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Real-world skills valued in nonprofit workplace

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Todd Cohen

At the Shedd Aquarium in Chicago, providing training and leadership opportunities for employees is central to doing business and fulfilling the organization’s mission.

Every new employee attends classes on topics like organizational culture, diversity and performance management, and all new managers attend classes on topics like employee relations, finance and budgeting.

The Shedd offers over 40 electives for employees, as well as a leadership-development program that features managerial classes, topics like critical thinking and leading innovation, and opportunities for growth both inside and outside the organization.

“We need to have great benefits and we need to provide growth opportunities for our people and keep it interesting,” says Nanette Schonberg, senior director of staff training at the Shedd.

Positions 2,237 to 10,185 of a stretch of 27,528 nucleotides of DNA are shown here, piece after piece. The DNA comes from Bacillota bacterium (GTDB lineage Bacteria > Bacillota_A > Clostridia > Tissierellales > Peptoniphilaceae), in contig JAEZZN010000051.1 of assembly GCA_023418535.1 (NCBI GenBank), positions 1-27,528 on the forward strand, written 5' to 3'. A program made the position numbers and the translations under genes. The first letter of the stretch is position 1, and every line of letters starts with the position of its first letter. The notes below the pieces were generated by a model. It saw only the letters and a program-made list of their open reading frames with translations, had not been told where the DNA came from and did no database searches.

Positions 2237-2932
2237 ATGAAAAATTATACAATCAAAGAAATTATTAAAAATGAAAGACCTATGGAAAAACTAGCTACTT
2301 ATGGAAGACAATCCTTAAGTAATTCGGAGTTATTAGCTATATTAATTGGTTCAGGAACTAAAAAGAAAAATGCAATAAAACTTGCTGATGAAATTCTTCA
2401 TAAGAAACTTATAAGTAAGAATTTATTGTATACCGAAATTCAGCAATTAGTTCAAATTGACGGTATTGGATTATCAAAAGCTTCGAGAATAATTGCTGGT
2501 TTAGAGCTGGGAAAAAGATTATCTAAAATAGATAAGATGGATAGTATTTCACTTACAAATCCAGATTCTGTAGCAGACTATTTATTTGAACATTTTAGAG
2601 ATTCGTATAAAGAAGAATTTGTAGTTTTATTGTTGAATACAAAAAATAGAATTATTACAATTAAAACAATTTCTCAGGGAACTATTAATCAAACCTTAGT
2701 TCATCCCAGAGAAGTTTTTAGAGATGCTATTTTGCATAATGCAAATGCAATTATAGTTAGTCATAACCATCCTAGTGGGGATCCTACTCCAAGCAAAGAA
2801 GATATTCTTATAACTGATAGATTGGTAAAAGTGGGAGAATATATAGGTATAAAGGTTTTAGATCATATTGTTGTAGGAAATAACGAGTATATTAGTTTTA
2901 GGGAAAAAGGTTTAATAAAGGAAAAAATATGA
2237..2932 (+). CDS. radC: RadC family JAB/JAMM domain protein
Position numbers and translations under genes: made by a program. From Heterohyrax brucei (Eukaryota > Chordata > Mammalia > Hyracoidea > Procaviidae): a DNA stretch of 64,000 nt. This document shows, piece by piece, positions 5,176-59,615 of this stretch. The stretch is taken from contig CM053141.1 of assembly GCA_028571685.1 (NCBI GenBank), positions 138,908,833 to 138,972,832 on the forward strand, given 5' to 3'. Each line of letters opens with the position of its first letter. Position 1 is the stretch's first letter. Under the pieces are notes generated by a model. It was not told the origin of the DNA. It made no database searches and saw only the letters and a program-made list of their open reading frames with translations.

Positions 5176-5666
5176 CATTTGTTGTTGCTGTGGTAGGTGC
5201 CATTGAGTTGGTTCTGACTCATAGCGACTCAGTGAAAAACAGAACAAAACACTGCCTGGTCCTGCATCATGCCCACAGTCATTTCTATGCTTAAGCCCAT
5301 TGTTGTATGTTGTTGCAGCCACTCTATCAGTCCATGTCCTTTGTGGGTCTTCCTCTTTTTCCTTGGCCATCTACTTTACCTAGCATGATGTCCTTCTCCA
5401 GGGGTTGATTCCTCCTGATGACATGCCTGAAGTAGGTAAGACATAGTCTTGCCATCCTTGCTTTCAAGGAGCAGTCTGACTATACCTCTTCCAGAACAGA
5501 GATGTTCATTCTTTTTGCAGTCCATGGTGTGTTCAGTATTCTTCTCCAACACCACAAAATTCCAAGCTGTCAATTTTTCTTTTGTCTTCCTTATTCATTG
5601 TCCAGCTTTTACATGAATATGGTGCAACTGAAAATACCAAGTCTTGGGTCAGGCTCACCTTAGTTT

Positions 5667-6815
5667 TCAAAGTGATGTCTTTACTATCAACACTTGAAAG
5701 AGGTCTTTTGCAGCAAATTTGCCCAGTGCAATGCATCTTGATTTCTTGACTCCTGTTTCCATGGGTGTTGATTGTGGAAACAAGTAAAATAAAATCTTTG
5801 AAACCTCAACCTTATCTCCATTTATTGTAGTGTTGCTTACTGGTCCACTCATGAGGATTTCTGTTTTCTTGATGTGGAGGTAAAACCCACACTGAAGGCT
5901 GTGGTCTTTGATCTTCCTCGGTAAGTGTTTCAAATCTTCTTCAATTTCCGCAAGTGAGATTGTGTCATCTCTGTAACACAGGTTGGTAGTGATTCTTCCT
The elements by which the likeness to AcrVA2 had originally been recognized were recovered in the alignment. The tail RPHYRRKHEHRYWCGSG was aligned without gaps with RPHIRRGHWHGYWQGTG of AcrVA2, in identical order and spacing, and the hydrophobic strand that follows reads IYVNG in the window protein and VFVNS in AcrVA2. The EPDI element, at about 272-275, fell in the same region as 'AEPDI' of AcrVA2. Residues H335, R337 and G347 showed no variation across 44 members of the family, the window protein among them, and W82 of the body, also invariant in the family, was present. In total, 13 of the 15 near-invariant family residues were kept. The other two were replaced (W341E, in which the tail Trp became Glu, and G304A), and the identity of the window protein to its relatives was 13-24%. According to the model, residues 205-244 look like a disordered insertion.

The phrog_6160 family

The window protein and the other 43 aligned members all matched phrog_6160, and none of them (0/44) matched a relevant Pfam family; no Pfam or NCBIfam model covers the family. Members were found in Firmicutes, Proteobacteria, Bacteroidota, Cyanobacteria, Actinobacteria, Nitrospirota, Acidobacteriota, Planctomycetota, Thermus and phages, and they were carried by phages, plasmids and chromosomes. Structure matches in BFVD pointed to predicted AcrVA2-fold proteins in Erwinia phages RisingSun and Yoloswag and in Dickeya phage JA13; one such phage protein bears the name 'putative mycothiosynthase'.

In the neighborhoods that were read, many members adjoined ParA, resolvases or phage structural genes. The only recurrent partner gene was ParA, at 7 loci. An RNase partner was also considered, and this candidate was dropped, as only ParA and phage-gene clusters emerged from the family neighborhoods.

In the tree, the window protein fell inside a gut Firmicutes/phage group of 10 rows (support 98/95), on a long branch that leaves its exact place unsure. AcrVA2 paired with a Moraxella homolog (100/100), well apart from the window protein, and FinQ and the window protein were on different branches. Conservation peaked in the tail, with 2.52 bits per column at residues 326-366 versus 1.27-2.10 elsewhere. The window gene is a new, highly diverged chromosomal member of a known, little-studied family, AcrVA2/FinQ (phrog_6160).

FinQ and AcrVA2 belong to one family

“It benefits everyone,” she says. “It benefits the aquarium by creating very qualified employees to get the work done to meet our goals and mission. And it hopefully benefits the employees because it keeps them challenged, and it offers them new opportunities and skills.”

Recession stress

With the recession putting even greater stress on a workforce already expected to do more with less, experts say, nonprofits are looking for ways to equip employees with the skills and know-how they and their organizations need in a rapidly changing marketplace.

“We’re asking for so much more from so many fewer people, we have to care for them and invest in them as professionals,” says Susan Sanow, deputy executive director of the Center for Nonprofit Advancement in Washington, D.C., a membership group that provides nonprofits in the region with group buying programs, advocacy work, networking and education programs.

And with layoffs and hiring freezes, she says, nonprofits need employees who can adapt to new roles.

“People need to realize what they have on their staff may be it for a while,” she says. “How are they going to make the most of the people they have?”

Particularly critical in the current economic crisis, she says, are people who actually know how to generate revenue and raise money.

“If you can bring in money to an organization, you should be able to have a job,” she says.

Rick Moyers, director of programs at the Meyer Foundation in Washington, D.C., says the closely-linked skills for fundraising and financial management seem to be the ones that executive directors and other senior managers at nonprofits “often wish they were better at.”